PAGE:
A variety of hot water extraction carpet cleaning equipment is available, with less expensive equipment marketed for purchase or rental by homeowners, and more expensive equipment used by professional carpet cleaners. The more expensive commercial equipment may employ a rotating high pressure spray and extraction disc. This allows the equipment to achieve many spray-extraction cycles independent of the forward or backward motion of the machine.

Hot water extraction carpet cleaning equipment may be a portable unit that plugs into an electrical outlet or a truck mount carpet cleaner requiring long hoses going from the truck or trailer to the room requiring cleaning. Truck mounted equipment is advantageous where electricity is unavailable (e.g. for cleaning premises where the electrical service was terminated when the premises were vacated by a departing tenant.) Truck mount carpet cleaning may be unsuited to premises distant from a driveway or road, and hoses may need to pass through windows to reach upper floors of a building. Hoses needed for truck mount and professional portable carpet cleaning may present an inconvenience or tripping hazard to users of hallways, and pets or children can escape through doors that must be left ajar for hoses. Heated or air conditioned air will also escape from buildings when doors are left open for hoses. This could create a significant waste of energy in some climates. While truck mounted carpet cleaning equipment minimizes noise in the room being cleaned, truck mounted carpet cleaning equipment may cause noise and air pollution offensive to neighbors and may violate anti-idling bylaws in some jurisdictions. However truck-mounted cleaning is much faster than portable equipment and extra heat and power can give better results and faster drying times.

A Rug Doctor rental carpet cleaning machine.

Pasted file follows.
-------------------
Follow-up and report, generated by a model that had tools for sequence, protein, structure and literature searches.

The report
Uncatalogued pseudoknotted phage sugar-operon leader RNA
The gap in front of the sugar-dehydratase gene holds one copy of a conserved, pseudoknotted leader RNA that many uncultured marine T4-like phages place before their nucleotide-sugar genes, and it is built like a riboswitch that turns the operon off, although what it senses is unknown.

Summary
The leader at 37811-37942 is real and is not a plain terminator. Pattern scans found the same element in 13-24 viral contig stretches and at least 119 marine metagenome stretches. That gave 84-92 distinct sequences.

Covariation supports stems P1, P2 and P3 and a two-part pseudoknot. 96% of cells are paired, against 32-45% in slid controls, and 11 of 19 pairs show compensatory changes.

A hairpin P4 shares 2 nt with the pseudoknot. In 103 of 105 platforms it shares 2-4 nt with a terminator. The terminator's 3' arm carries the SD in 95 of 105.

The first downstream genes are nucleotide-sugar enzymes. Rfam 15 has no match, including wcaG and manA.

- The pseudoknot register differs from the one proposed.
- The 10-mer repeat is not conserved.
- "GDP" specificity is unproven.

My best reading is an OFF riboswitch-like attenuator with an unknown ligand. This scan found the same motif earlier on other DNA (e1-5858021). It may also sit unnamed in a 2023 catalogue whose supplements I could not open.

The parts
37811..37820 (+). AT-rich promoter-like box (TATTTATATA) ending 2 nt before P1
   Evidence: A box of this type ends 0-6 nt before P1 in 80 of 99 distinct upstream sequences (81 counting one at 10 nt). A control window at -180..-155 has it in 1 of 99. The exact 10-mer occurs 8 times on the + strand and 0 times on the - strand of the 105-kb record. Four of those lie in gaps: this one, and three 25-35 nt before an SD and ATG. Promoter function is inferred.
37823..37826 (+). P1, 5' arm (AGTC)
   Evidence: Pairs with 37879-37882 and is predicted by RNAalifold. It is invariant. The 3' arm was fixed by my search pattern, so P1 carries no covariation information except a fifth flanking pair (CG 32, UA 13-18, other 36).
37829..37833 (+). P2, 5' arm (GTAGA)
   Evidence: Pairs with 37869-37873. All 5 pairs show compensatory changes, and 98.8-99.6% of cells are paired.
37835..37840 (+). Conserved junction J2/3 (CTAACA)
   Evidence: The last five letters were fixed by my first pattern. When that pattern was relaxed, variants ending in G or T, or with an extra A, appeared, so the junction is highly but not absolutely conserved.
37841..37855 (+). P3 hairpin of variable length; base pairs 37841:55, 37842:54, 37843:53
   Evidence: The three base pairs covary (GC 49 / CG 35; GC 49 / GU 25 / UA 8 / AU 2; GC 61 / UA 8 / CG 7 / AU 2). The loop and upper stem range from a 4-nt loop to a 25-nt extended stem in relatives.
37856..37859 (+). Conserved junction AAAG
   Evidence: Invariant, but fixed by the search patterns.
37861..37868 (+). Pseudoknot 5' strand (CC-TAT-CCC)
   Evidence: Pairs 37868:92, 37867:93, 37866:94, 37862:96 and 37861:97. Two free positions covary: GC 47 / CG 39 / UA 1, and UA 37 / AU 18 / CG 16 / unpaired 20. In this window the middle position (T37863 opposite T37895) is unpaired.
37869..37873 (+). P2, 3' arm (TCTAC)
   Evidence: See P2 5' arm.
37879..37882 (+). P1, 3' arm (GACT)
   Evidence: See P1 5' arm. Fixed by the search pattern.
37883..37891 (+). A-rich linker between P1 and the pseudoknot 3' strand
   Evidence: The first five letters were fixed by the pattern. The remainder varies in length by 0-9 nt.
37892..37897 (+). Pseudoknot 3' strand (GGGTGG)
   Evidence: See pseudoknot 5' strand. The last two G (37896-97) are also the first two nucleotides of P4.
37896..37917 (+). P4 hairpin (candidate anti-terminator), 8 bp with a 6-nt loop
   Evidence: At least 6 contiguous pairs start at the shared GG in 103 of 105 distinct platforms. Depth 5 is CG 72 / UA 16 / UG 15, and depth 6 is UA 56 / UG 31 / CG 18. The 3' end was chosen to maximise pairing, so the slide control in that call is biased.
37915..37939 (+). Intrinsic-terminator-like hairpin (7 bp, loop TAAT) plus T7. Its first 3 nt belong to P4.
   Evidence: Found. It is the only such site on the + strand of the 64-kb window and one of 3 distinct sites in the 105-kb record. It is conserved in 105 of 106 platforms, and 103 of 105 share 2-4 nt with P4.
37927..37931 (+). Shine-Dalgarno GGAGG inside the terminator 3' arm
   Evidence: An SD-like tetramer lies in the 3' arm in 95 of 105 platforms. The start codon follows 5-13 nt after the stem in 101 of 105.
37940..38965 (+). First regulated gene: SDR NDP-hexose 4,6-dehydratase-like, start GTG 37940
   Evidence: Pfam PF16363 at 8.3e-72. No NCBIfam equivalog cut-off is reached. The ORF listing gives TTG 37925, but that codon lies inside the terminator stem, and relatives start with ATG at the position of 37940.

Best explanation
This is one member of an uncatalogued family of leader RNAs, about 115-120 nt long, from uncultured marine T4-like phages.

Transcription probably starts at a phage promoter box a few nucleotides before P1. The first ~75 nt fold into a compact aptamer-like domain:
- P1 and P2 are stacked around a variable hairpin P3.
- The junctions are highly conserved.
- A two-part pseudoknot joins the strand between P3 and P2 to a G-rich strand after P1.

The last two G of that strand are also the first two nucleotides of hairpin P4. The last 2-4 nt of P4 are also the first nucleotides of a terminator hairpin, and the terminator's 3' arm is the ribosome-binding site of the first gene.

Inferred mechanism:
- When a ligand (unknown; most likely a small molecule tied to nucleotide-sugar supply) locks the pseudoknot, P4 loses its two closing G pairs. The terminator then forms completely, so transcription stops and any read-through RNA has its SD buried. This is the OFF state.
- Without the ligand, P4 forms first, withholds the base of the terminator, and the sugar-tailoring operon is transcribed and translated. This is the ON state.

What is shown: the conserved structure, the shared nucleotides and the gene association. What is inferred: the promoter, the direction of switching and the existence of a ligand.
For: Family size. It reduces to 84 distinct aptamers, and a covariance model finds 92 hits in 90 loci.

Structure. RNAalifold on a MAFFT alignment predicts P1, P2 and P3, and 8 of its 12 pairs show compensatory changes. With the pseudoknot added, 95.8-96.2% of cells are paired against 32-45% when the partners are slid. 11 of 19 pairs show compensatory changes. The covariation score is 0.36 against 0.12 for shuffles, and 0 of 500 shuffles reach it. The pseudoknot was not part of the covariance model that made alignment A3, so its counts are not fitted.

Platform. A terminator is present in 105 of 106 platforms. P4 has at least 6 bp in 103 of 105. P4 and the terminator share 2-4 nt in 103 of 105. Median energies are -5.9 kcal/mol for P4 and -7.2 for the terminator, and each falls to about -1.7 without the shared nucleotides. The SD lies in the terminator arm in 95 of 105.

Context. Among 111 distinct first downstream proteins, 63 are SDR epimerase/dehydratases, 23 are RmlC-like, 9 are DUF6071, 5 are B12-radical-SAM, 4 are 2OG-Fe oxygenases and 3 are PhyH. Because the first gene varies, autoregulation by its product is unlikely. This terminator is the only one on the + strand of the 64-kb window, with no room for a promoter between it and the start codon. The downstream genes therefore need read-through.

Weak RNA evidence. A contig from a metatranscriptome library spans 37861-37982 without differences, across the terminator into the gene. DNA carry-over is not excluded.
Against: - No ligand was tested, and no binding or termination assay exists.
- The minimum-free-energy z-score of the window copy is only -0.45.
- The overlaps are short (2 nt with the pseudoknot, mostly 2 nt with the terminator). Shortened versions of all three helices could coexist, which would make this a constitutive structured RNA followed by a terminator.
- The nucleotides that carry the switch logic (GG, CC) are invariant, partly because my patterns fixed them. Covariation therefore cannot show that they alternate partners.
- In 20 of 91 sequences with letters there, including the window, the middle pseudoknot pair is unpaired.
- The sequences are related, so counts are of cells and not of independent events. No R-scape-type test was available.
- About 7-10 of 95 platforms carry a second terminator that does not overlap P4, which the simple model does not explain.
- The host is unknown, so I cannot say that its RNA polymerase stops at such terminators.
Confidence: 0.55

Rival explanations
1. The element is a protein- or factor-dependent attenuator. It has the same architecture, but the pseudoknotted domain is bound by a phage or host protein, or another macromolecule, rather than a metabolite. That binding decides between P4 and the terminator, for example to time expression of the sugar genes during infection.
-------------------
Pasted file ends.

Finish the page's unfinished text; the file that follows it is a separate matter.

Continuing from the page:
In high-pressure hot water extraction ("steam cleaning"),[1] after preconditioning, with alkaline agents such as ammonia solution for synthetic carpets or acidic solution (such as vinegar solution) for woolen carpets, and agitation with a grooming brush or an automatic scrubbing machine, a pressurized manual or automatic cleaning tool (such as a wand) passes over the surface several times to thoroughly rinse out all preconditioner, residue, and particulates. If an alkaline detergent is used on a woolen fibre, use of an acetic acid solution will restore neutral fiber pH. The acid rinse thus neutralizes the alkaline residues, and can contribute to softening cleaned fabrics.[3]

The steam-cleaning system uses detergent-based solutions.[4] The surface is saturated, typically taking 12–24 hours to dry. Some carpet-cleaning solutions are carbonated to dissolve organic material more effectively. Beyond these treatments, antistaining and antisoiling products can be applied by the carpet owner, and have for this reason become recognized in the carpet-cleaning industry as some of its biggest profit centers.[3]

Truck mount steam carpet cleaner

Extraction is by far the most important step in this process. Since the hot-water extraction method uses much more water than other methods like bonnet or shampoo cleaning, proper extraction and air flow are critical to avoid drying issues. Drying time may also be decreased by extra use of fans, air conditioning, and/or outdoor ventilation.[5]